Results 1 to 2 of 2
Dec 11, 2006, 09:15 #1
- Join Date
- Dec 2004
- Oakland, California
- 0 Post(s)
- 0 Thread(s)
Source control for sites on different servers
I've been looking into options for source control. However, I'm not quite sure how I can implement something like Subversion considering my particular situation.
I have a number of different clients and projects, all of which are located on several different servers. Some clients have their own servers, and some only have a shared hosting account.
Typically, if I am making a few quick changes, I will make them on the production server without any issues. If I need to make major changes, I replicate the production environment as best as I can either on my workstation or in my reseller account, make the changes, and then upload the changed files in one batch.
I have used versioning systems in jobs at software companies, where we were building an actual software product (versus managing live websites). I'm not sure how a versioning system can be successfully implemented in my situation.
My impression is that I will need to commit files to version control and then upload the changed files to the production site. Does this mean that I need to make the changes in a separate environment, commit them to svn, download the changed files (again), and then upload them to the live site? What if a particular website's production environment is impossible to recreate on my desktop or in my reseller account, thus requiring the changes to be made on the production site?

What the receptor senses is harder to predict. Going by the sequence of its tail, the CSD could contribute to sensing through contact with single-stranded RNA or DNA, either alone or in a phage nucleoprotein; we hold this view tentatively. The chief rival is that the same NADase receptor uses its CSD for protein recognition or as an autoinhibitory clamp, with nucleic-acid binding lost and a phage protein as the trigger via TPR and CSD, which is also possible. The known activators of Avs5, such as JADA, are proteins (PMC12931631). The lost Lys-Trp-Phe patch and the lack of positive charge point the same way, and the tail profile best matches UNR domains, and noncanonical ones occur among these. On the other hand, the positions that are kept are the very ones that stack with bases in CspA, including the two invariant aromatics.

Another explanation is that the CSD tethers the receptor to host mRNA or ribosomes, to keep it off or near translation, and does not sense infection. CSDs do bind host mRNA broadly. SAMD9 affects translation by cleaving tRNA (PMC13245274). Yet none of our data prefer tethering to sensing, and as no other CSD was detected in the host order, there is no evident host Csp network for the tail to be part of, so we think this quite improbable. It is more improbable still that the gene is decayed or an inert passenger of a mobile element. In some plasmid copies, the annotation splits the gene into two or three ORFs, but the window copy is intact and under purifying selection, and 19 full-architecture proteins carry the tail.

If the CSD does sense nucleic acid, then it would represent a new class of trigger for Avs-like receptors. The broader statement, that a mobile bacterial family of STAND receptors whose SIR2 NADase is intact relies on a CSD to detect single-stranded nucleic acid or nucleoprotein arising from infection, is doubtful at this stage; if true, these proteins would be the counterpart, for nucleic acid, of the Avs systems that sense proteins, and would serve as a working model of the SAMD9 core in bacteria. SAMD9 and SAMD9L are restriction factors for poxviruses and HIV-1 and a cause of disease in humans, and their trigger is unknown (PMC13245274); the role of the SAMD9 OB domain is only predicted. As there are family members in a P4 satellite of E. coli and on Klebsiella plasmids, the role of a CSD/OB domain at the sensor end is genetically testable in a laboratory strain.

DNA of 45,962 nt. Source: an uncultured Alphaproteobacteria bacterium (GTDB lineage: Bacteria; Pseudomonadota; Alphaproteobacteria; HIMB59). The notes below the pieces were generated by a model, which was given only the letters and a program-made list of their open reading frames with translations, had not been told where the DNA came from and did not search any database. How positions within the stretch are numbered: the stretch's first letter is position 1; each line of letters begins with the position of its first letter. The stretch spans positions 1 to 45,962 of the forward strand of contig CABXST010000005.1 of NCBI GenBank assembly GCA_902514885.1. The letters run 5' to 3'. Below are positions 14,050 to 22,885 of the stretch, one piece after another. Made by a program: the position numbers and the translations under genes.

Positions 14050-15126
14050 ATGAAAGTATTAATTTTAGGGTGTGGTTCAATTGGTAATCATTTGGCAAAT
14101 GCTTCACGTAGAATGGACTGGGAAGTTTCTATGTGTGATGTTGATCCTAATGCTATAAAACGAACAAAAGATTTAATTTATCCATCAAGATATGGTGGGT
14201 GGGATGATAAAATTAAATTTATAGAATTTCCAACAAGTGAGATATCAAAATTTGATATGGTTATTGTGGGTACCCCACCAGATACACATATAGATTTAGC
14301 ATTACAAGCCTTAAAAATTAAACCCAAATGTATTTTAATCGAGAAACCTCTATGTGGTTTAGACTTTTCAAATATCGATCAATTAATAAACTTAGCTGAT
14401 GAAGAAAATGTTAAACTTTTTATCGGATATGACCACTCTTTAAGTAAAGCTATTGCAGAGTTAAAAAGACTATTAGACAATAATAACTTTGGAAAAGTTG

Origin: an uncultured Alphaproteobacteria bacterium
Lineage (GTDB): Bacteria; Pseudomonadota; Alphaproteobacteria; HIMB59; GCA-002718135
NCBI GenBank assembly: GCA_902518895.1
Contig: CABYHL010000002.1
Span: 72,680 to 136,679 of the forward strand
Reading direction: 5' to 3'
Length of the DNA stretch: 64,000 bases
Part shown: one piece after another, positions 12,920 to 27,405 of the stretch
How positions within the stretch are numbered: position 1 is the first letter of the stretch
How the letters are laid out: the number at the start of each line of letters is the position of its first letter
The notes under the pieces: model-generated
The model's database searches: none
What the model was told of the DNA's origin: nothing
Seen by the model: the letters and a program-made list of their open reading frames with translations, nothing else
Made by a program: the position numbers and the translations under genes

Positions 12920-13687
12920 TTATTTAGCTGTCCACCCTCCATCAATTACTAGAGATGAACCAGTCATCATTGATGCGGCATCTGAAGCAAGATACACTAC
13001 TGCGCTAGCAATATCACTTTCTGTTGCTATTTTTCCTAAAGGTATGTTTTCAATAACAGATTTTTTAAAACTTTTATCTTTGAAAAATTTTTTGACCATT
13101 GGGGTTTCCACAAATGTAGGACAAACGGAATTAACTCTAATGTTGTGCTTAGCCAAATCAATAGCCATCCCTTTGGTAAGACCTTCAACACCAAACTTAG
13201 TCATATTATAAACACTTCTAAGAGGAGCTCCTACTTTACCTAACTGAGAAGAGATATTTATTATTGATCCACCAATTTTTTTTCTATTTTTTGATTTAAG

OR, is there a simpler process that I'm unaware of? What experiences have other people had in this situation?
Forgive me if my post is messy or if my questions aren't too clear... I just finished a seven-hour stretch of work and my brain is a littly fuzzy
JeffJeffrey Hunt, freelance PHP & MySQL developer
Dec 12, 2006, 07:44 #2
- Join Date
- May 2003
- Washington, DC
- 4 Post(s)
- 0 Thread(s)
You should never be making changes to code in a production environment to begin with. Nor should you ever have an application where you cannot recreate the environment, or at least enough of the environment to test against. What happens when a meteor hits the hosting facility?
As for using source control, you did add an extra step or three. It works more like:
1) Make changes
2) Test changes
3) Commit to SVN
4) Upload patch files
Finally, if your SVN setup is publicly accessible, you could probably have the site download directly from SVN.